SEOUL • South Korea's unemployment rate hit an eight-year high last month as mandatory minimum wages rose, adding to economic policy frustrations and political challenges for President Moon Jae-in whose approval rating is now at its lowest since inauguration.
The unemployment rate rose to 4.2 per cent from 3.8 per cent in July in seasonally adjusted terms as the number of unemployed rose by 134,000 people from a year earlier.
This was the labour market's worst performance since January 2010, when the economy was still reeling from the global financial crisis, when 10,000 jobs were lost.
"(The government) will discuss slowing the speed of minimum wage hikes with the ruling party and the presidential office," said Finance Minister Kim Dong-yeon, adding that a short-term recovery in the job market was not expected.
Experts say the uproar over jobs could also cost Mr Moon considerable political capital as he pursues closer ties with Pyongyang, as any good news from an inter-Korean summit may not be enough to offset public discontent over the lack of jobs and soaring housing prices.
More than 60 per cent of respondents in a Gallup Korea poll criticised Mr Moon's handling of the economy, such as his "inability to improve the livelihoods" of citizens.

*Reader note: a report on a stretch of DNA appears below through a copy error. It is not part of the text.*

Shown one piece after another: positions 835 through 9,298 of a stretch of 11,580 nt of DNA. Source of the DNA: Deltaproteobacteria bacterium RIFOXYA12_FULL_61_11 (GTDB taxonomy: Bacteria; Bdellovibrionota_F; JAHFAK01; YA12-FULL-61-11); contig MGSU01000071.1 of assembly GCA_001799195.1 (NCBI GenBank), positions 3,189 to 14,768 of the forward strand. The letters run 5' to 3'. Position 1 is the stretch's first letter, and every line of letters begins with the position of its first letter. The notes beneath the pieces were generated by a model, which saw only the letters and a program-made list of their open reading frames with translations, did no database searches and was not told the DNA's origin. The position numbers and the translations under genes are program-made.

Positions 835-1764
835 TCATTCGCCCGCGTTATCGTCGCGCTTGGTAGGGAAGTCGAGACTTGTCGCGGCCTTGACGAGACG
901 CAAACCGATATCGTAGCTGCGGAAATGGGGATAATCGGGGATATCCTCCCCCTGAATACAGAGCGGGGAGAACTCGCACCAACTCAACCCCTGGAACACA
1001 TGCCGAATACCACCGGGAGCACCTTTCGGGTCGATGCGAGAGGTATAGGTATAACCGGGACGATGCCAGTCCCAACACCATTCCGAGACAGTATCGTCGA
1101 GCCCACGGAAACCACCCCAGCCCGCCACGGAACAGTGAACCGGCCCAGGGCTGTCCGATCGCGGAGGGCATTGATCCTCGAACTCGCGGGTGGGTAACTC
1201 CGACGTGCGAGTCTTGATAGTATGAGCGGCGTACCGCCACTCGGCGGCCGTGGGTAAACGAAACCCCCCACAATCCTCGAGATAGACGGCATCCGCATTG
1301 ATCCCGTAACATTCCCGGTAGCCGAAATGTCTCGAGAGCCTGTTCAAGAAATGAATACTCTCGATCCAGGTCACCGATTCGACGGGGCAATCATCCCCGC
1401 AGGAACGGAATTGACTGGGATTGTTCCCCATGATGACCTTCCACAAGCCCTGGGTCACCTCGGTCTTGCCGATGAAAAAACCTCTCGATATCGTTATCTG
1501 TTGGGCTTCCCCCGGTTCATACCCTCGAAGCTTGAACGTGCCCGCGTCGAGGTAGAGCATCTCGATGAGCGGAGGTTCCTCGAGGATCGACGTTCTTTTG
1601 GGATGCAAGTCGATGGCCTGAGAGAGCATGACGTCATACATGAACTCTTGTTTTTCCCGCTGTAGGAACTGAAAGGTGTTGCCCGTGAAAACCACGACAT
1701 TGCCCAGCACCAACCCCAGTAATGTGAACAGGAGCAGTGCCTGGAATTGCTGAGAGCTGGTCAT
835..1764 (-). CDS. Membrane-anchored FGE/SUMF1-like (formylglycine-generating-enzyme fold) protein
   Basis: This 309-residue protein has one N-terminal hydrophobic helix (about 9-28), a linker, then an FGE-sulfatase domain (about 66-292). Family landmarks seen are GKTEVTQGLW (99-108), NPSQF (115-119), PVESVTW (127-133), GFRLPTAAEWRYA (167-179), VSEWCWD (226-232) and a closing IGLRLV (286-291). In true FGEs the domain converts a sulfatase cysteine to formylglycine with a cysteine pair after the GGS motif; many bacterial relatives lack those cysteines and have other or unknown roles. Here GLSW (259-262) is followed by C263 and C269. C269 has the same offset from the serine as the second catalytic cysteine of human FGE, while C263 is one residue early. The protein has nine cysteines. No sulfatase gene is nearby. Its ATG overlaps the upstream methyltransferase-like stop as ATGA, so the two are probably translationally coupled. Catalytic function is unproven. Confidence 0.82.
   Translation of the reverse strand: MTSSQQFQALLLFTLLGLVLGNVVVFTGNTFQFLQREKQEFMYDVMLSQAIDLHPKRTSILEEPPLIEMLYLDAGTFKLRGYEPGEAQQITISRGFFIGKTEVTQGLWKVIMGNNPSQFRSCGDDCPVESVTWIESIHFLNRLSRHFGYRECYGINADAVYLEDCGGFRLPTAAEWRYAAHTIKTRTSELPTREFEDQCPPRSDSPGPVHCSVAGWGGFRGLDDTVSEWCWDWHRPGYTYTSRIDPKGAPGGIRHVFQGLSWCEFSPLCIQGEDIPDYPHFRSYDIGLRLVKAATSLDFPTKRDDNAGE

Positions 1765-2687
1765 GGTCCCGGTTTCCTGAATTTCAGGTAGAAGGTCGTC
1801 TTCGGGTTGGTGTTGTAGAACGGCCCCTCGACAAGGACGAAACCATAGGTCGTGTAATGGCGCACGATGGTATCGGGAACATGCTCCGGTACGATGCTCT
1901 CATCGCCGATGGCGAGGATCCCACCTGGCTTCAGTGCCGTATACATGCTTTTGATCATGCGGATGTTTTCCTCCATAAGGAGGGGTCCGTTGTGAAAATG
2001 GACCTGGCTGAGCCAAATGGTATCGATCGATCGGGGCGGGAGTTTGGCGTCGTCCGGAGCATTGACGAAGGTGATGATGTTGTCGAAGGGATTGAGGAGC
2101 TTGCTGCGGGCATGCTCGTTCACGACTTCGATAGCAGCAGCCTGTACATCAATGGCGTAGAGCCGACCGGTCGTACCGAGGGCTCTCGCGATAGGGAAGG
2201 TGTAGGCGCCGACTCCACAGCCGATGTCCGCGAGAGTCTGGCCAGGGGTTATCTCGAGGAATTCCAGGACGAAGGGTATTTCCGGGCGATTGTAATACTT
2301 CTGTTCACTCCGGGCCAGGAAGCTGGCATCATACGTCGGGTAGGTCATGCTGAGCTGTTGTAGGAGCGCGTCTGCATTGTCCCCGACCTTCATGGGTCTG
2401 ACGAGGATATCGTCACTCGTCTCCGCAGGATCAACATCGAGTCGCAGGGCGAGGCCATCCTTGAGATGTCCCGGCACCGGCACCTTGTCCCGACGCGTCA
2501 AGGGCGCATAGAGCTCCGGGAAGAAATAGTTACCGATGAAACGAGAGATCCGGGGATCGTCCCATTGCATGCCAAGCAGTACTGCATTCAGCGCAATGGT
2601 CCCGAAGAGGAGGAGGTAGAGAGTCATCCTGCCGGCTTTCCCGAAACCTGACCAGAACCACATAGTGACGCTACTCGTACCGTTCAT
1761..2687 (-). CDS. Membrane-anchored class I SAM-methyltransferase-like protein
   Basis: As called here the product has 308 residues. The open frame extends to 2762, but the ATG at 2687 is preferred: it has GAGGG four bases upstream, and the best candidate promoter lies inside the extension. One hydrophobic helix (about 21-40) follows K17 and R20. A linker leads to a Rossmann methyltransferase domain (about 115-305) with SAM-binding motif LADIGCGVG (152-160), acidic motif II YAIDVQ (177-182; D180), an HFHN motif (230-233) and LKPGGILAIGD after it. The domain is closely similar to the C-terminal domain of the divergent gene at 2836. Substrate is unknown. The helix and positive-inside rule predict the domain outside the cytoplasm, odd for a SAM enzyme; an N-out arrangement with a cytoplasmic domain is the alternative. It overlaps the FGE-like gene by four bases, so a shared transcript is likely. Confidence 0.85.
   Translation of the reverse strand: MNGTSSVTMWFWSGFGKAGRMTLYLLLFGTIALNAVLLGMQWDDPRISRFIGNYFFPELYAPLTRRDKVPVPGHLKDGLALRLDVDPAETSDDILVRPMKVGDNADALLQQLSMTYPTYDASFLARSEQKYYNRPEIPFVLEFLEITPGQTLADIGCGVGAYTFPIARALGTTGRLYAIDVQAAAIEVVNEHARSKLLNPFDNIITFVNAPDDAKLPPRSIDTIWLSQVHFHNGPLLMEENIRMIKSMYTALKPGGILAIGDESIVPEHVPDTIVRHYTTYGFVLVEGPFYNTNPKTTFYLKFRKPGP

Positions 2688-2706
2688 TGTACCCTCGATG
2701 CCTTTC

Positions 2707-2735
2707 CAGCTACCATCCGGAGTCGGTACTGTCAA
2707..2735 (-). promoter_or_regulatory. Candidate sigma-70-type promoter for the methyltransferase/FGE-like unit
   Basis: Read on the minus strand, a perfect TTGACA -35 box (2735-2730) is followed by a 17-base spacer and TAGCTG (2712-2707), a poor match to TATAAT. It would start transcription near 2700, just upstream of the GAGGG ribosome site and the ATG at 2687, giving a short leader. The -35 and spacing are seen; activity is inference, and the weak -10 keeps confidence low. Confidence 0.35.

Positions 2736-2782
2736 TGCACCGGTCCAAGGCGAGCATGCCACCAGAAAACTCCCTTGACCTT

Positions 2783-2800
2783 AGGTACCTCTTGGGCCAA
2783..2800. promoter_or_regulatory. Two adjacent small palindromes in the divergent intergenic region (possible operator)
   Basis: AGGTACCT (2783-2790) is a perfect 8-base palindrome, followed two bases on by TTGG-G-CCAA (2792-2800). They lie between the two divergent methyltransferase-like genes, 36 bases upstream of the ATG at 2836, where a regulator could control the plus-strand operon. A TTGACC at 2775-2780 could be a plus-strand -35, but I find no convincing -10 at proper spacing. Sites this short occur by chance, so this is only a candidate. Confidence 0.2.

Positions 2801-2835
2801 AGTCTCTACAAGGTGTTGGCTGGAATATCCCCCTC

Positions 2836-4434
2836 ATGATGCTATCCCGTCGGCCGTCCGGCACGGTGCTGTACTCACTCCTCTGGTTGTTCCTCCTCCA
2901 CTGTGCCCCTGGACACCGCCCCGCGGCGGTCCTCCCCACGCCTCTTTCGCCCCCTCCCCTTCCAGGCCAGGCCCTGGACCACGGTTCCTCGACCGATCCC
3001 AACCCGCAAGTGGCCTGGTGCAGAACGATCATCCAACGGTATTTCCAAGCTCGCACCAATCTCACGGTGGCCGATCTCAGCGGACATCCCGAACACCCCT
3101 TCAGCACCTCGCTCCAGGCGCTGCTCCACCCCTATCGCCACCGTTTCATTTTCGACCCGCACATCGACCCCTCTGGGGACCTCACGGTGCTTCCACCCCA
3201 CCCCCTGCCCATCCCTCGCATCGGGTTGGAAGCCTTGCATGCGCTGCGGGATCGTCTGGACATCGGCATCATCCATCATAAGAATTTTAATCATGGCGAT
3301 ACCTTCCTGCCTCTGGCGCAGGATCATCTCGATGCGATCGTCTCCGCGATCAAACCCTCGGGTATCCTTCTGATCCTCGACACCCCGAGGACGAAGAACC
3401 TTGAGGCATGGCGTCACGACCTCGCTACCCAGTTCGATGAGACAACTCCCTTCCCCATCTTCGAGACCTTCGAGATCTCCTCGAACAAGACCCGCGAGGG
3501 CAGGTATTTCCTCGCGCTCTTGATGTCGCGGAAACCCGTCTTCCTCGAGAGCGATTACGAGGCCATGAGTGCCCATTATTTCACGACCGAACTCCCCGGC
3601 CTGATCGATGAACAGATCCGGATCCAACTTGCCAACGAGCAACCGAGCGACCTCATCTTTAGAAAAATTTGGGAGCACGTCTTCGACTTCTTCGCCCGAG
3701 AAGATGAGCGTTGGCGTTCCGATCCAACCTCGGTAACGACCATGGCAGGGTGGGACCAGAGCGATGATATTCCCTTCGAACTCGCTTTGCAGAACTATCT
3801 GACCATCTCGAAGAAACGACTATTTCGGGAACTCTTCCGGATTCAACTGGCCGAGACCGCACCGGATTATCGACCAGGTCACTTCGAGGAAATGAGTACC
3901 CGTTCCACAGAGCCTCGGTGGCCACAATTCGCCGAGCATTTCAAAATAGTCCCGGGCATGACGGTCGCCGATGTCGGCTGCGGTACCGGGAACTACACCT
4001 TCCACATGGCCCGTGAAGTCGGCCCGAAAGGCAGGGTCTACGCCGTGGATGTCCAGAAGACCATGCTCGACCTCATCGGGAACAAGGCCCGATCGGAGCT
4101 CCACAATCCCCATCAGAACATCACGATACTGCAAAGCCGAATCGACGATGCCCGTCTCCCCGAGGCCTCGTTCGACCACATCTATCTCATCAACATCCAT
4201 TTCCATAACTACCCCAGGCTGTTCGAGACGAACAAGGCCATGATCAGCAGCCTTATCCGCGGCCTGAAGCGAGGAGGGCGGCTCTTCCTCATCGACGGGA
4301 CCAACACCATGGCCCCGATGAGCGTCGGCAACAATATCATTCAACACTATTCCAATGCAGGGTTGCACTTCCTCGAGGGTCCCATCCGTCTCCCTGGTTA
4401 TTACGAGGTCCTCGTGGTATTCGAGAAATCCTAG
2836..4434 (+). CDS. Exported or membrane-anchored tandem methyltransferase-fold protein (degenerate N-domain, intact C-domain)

The labour-intensive retail and accommodation sector, which lost 202,000 jobs last month from a year earlier, was the hardest hit. A total of 105,000 jobs were lost from manufacturing industries. But the agriculture, construction and transport sectors saw a rise in the number of employed, partly offsetting the rise in the number of those laid off.
The overall number of employed people rose by just 3,000 - also the worst since January 2010.
Each month's worsening jobs report has sparked a strong public backlash, with Mr Moon's support fallingto 49 per cent, the lowest since he took office in May last year.
"At this rate, we may not see any gains in the number of employed in September or the month after that," said economist Oh Suk-tae at Societe Generale. He said economists at the Korea Development Institute, a state-run think tank, believed this year's 16 per cent rise in the minimum wage was discouraging employers from hiring.
"The president should be held responsible for this. Nothing could change the trend unless the boss changes his mind about minimum wage hikes," Mr Oh said.